adjourn to the Drawing Room, you men will presently join us, there will be a buzzing of voices, talk—'cackle' one of America's representatives used to term it, and it was a good name, only that the hen has done something to cackle about, she has fulfilled the purpose for which she came into existence, and women—the average Society women, at least—do not. Then there'll be singing, of a sort, and—but you know, Colonel, all the usual rigmarole. Now I want a long, long talk with you about the subject you have just broached. We could not talk, as we would, in the crowd that will be in the drawing-room presently, so I wonder if you would give me an hour in the library, tomorrow morning after breakfast. I suggest the library because I find it is the one room in the house into which no one ever seems to go. Of course, Colonel Youlter, if you have something else you must needs do in the forenoon, pray don't regard my suggestion. Or, if you would prefer that we walked and talked, I will gladly accommodate myself to your time and your conveniences." He assured her that he had made no plans for the morrow, and that he would be delighted to meet her in the library, for a good long 'confab' over the subject that evidently possessed a mutual attraction for them. Mentally, while he studied her, he decided that her chief charm, in his eyes, was her absolute naturalness and unconventionality. "But to some men," he mused "what a danger zone she would prove. Allied to her great beauty, her wealth, and her gifts, there is a way with her that would make her almost absolutely irresistible if she had set her heart on anything!" An hour later that opinion deepened within him as he listened to her singing in the drawing-room. She had been known to bluntly, flatly refuse an Emperor who had asked her to sing, and yet to take a little Sicillian street singer's tambourine from her hand, and sing the coppers and silver out of the pockets of the folk who had crowded the market-place at the first liquid notes of her song. She rarely sang in the houses of her hosts and hostesses. Tonight she had voluntarily gone to the piano, accompanying herself. She sang in Hungarian, a folk-song, and a love song of the people of her own land. Yearning and wistful, full of that curious mystical melancholy, that always appealed to her own soul, and which characterizes some of the oldest of the Hungarian folk-songs. Her second song finished, amid the profoundest hush, she rose as suddenly from the piano as she had seated herself. A little later she was missed from the company. She had slipped away to her room, after a quiet good-night to her table-companion, ColonelYoulter.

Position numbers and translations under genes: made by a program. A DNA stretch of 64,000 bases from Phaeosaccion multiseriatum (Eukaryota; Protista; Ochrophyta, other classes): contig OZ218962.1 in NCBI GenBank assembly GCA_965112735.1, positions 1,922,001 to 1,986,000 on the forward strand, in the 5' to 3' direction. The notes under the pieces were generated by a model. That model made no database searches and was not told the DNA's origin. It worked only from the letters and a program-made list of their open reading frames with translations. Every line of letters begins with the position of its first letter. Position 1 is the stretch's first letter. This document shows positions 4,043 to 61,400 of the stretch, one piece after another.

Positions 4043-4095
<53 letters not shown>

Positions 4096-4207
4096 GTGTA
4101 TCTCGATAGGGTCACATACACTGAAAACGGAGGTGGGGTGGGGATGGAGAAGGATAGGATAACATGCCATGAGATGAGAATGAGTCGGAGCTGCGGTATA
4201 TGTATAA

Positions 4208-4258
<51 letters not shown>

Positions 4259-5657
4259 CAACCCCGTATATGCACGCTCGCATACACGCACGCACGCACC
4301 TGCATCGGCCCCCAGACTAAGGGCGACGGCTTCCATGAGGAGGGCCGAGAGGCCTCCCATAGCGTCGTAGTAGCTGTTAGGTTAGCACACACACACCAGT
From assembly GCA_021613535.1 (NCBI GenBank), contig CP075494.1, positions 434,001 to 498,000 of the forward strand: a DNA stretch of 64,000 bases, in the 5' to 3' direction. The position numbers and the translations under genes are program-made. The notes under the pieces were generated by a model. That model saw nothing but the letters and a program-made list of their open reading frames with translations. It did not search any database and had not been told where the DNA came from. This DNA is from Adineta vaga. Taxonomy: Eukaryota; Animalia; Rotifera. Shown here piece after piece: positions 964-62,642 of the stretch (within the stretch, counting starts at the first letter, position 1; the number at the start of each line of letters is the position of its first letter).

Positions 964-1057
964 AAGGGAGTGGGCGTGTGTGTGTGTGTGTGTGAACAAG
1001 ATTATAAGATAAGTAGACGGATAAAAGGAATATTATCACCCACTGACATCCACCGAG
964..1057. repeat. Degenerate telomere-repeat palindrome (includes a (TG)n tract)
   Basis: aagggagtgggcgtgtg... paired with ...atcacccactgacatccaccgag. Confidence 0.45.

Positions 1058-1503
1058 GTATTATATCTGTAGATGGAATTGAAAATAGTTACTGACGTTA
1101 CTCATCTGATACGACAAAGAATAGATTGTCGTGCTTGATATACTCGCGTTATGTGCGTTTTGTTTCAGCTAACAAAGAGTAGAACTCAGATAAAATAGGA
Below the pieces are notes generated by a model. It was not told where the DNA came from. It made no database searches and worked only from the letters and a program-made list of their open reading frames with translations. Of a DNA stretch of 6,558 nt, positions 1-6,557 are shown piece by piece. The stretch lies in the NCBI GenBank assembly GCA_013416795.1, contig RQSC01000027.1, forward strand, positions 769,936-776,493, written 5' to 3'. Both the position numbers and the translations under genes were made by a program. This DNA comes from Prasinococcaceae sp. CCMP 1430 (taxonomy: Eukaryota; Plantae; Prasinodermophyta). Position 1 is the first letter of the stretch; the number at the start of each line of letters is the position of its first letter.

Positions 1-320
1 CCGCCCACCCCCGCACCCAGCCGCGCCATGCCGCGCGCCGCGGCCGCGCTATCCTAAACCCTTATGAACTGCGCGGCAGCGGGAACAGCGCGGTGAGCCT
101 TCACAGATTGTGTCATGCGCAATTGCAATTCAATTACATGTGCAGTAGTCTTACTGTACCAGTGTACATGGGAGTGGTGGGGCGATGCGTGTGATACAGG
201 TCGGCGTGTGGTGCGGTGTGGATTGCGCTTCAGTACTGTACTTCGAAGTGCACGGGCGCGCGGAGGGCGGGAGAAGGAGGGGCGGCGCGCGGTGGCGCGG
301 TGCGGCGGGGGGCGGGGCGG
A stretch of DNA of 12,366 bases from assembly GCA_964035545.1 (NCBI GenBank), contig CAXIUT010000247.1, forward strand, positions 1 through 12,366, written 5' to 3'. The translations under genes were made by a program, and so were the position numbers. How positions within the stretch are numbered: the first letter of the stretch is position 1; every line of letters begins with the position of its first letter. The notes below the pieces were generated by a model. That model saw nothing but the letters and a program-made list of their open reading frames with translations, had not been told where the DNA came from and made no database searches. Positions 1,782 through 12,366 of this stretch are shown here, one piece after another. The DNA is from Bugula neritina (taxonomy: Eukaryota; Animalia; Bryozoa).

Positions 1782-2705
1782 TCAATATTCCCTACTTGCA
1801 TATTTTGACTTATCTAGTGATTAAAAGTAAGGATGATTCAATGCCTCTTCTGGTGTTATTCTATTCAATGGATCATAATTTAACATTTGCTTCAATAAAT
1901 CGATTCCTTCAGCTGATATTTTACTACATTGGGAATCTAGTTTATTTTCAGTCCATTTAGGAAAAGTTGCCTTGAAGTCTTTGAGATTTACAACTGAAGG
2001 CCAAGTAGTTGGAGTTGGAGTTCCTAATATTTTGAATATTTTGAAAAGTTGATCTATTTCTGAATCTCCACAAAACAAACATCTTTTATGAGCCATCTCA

At ten-thirty, next morning, Judith Montmarte entered the library. The Colonel was there already. He rose to meet her, saying, "Where will you sit? Where will you be most comfortable." There was a decidedly "comfo" air about the luxuriously-furnished room. The eyes of the beautiful woman—she was twenty-eight—swept the apartment and, finally, resting upon a delightfulvis-a-vis, she laughed merrily, as she said: "Fancy finding avis-a-vis, and of this luxurious type, too, in a library. I always think it is a mistake to have the library of the house so stiff, sometimes the library is positively forbidding." She laughed lightly again, as she said. "I'm going off into a disquisition on interiors, so—shall we sit here?" She dropped into one of the curves of thevis-a-vis, and he took the other. For half-an-hour their talk on their pet subject was more or less general, then he startled her by asking: "Do you know the Christian New Testament, at all?" "The Gospels, I have read," she replied, "and am fairly well familiar with them. I have read, too, the final book, "The Revelation," which though a sealed book to me, as far as knowledge of its meaning goes, yet has, I confess, a perennial attraction for me." She lifted her great eyes to his, a little quizzical expression in them, as she added: "You are surprised that I, a Jewess, should speak thus of the Gentile scriptures!" Then, without giving him time to reply, she went on: "But why did you ask whether I knew anything of the New Testament?" "Because, apropos of what I said a moment ago, anent the repetition of History, the Christ of the New Testament declared that "as the days of Noah were, so shall also the coming of the Son of Man be." She nodded her beautiful head, as though she would assent to the correctness of his quotation. "Now I make no profession of being ultra-Christian," he went on, "but I know theletterof the Bible quite as well as most Teachers of Christianity, and without intending any egotism I am sure I dare to say that I know it infinitely better than